Wales recycling ‘more than ever’

The Welsh recycling, reuse and composting rate for collective municipal waste reached 57 per cent in the third quarter of 2013/14, a new report has found.

The ‘Local authority municipal waste management: July – September 2013’ report, released by the Welsh Government yesterday (13 February), outlines that households and local councils in Wales are recycling ‘more than ever’ and are producing ‘less black bin waste’. Indeed, in this quarter, all local authorities recycled, reused or composted 52 per cent of waste or more for the first time.

Specifically, it shows that councils reused, recycled, or composted 57 per cent of all municipal waste between July and September 2013, two per cent more than in the previous quarter, and three per cent more than in the same quarter the year before.

In total, the combined reuse, recycling, and composting rate for local authority municipal waste rose from 51 per cent for the 12 months to the end of September 2012, to ‘just over’ 53 per cent for the 12 months to the end of September 2013.

Speaking of the figures, Minister for Natural Resources and Food Alun Davies, commented: “I want to thank households and councils in Wales for their efforts and commitment to recycling.

“Welsh households are taking advantage of weekly food waste collections, and campaigns such as Love Food, Hate Waste are helping people to waste less and save money on food shopping. It’s also great to see a continued decrease in black bin waste, it shows Wales is leading the way in the UK towards a zero waste future.”

Breakdown of statistics

The local authority that recycled the most material in the second quarter (Q2) of 2013/14 was Monmouthshire County Council, topping the league with a rate of 66 per cent (overtaking previous year’s leader, Bridgend). This was followed closely by Pembrokeshire and Denbighshire (both with 62 per cent), and Caerphilly (60 per cent).  

Monouthshire also led in terms of improvement, recycling eight per cent more than it did in the same quarter 2012. According to the Welsh Government, this ‘may be due to restrictions in residual waste collections being introduced’.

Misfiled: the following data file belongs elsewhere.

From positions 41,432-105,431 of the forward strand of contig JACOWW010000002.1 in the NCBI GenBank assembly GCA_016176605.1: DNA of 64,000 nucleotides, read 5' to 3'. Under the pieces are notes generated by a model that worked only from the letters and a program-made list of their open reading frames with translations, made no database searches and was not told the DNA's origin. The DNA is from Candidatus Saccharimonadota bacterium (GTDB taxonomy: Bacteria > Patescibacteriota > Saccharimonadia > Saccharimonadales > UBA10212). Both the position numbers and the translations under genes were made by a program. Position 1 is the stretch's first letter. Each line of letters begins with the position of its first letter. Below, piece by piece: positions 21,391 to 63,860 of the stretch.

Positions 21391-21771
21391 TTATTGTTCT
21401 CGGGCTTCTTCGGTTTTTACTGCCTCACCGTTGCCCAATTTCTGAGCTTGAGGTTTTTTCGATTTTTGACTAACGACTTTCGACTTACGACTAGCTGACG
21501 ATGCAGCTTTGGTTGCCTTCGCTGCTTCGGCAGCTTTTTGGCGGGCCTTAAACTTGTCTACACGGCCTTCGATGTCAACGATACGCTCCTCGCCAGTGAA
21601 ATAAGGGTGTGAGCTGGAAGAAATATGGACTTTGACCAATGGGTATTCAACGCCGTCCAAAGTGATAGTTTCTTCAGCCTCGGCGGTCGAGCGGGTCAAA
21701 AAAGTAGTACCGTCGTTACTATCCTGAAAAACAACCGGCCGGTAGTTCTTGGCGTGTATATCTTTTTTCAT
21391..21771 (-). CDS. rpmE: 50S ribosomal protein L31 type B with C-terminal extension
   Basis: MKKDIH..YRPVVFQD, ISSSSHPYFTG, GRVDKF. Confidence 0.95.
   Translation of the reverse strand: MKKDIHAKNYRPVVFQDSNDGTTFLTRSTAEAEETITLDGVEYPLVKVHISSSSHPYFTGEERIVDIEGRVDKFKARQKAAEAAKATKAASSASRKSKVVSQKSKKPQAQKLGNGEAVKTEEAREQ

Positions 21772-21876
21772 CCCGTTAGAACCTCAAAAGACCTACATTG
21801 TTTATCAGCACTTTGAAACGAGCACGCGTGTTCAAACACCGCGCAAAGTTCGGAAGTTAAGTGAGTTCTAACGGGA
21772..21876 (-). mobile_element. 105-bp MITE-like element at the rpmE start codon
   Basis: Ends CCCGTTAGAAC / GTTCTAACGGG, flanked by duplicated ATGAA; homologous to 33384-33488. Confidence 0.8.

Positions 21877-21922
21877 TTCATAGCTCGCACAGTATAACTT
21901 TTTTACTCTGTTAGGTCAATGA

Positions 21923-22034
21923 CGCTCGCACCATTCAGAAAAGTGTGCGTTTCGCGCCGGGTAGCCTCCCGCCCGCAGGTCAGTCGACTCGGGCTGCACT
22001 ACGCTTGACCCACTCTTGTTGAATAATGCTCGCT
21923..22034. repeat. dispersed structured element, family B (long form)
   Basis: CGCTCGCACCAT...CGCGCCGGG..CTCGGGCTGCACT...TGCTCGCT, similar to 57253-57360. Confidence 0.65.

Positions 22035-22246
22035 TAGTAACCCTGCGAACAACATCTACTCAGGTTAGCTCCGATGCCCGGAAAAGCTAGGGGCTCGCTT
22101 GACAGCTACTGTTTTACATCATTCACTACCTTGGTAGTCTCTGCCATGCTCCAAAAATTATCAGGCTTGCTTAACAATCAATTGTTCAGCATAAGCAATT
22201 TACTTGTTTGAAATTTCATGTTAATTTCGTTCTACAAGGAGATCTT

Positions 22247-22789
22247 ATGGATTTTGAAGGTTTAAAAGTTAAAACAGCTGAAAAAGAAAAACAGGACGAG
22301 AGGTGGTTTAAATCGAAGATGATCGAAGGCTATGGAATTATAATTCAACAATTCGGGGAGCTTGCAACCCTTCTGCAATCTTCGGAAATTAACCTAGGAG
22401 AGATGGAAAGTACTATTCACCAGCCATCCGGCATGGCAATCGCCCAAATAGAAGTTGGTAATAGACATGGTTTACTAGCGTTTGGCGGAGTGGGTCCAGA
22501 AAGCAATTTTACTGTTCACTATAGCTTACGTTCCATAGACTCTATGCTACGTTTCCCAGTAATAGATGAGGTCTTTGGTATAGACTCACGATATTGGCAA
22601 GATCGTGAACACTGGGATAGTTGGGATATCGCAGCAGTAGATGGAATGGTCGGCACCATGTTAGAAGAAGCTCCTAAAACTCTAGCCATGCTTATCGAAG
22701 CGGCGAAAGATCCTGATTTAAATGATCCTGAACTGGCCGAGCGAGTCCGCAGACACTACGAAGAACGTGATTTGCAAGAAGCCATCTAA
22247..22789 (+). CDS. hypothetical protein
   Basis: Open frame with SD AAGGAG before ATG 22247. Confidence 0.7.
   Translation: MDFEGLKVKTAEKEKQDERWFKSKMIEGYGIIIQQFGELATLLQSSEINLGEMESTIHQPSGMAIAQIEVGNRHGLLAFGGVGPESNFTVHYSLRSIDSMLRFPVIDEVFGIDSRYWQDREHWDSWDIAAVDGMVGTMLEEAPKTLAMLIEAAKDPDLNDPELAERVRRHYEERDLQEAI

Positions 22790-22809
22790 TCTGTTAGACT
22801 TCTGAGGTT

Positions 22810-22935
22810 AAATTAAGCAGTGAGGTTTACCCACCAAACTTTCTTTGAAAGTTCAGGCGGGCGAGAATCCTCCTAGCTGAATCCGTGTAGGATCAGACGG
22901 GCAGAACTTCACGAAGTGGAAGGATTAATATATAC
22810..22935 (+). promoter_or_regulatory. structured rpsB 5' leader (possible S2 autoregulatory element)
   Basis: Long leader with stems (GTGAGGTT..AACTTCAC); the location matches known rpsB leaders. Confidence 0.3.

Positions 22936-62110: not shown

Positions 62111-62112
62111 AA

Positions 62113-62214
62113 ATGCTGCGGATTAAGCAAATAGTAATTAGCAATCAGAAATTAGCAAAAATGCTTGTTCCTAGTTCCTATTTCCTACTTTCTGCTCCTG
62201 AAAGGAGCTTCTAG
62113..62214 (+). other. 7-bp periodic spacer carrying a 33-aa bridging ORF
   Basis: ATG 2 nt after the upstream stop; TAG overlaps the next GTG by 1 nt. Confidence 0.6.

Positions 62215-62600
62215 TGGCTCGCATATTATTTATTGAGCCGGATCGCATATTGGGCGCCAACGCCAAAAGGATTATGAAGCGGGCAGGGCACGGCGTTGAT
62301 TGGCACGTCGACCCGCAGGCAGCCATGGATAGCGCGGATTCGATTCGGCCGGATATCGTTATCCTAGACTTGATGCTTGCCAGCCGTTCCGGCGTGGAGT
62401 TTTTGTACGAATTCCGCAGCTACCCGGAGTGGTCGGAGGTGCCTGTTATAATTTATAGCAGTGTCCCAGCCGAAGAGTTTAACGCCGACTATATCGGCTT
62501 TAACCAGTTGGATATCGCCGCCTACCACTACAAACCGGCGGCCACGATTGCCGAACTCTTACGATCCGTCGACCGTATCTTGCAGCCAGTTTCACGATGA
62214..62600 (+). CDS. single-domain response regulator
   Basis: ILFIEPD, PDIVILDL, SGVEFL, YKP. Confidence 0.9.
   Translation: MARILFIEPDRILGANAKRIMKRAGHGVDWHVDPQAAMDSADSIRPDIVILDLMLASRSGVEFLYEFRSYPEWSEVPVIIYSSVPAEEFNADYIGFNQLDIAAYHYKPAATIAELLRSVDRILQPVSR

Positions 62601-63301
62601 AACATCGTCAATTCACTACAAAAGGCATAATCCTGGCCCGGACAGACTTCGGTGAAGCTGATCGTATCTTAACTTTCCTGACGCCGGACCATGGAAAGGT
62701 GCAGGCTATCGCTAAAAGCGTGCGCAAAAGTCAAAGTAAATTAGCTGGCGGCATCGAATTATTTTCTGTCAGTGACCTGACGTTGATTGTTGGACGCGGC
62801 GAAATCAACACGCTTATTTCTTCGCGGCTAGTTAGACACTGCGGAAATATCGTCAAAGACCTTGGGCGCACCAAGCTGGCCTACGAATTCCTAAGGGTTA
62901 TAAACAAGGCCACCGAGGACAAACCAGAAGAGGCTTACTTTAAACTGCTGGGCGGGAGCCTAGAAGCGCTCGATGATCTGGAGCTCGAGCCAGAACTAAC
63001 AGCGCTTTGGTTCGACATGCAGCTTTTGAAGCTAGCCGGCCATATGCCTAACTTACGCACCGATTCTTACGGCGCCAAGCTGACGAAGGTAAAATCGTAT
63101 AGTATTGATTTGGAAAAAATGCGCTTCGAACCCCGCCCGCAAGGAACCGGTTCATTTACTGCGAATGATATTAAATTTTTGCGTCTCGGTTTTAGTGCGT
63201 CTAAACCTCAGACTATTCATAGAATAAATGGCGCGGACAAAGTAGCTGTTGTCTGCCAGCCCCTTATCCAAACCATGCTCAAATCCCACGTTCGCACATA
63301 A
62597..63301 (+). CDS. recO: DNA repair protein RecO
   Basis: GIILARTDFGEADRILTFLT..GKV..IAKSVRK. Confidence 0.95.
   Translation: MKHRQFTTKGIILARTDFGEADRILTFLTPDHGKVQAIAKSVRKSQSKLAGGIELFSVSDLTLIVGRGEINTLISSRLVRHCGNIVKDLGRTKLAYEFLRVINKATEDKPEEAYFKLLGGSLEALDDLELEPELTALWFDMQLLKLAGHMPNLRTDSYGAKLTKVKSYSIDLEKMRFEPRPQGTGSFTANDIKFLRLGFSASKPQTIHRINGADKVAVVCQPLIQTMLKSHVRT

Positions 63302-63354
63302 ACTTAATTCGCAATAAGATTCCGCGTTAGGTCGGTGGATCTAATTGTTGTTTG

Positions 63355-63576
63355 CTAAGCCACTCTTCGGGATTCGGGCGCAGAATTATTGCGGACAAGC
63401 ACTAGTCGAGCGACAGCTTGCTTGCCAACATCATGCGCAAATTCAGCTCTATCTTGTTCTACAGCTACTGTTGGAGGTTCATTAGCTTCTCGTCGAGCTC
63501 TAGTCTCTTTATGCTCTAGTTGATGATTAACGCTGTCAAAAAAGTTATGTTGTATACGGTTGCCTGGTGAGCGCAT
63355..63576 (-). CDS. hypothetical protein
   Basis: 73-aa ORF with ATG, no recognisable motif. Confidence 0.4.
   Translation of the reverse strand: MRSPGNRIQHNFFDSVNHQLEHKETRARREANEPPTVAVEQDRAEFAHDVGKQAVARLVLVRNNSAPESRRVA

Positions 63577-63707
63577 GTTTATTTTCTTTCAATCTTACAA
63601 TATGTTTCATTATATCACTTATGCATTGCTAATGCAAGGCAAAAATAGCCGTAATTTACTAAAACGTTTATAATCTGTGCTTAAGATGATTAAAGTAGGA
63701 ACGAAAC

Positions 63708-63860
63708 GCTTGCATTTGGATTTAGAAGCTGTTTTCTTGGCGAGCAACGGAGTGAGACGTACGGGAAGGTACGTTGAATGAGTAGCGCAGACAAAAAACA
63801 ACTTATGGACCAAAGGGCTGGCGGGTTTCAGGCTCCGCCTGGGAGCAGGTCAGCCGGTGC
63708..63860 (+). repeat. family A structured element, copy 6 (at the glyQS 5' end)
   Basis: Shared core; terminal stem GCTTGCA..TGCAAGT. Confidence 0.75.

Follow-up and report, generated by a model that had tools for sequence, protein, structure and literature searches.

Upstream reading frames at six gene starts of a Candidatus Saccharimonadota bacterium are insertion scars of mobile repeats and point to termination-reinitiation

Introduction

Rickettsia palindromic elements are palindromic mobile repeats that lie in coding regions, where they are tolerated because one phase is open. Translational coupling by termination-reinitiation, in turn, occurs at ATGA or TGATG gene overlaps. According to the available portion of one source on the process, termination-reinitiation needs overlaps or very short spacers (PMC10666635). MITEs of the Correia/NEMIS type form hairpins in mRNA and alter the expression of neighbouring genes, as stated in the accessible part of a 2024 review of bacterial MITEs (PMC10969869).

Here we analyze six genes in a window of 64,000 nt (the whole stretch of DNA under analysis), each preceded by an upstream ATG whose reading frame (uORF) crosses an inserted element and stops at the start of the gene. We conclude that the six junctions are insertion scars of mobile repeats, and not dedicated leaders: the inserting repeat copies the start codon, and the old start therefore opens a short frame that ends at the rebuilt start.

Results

Conversely the least improved authority in Q2 2013/14 was Conwy, who recycled two per cent less than in 2012/13.

The local authority with the highest rate for the 12 months to the end of September 2013 was the rural authority of Denbighshire (60 per cent), whilst the valley authority of Merthyr Tydfil had the lowest rate at 49 per cent.

When grouped together, rural authorities continued to achieve the most reuse, recycling, and composting, coming in at an average of 55 per cent in the 12 months to the end of September 2013. Valley and urban authorities were performing less well, with 53 and 52 per cent respectively.

The statistics also reveal that black bin waste produced in the Welsh authorities has fallen six per cent to 52 kilograms (kg) per person compared to 58kg the same quarter in 2012.

Future Targets

Wales is currently the leading nation in the UK in terms of recycling rate, standing at 53 per cent, whereas Scotland is at 41.2 per cent, and England at a slightly improved 46.2 per cent.

Wales is the only nation to have broken the 50 percent recycling mark, reaching its first statutory recycling target of 52 per cent in 2012/13. The Welsh Government is now aiming for all authorities to recycle58 per cent of waste by 2015/16, rising to 70 per cent by 20205, as part of its ’Towards Zero Waste’ strategy.

Read the full report on the second quarter 2013/4 recycling rates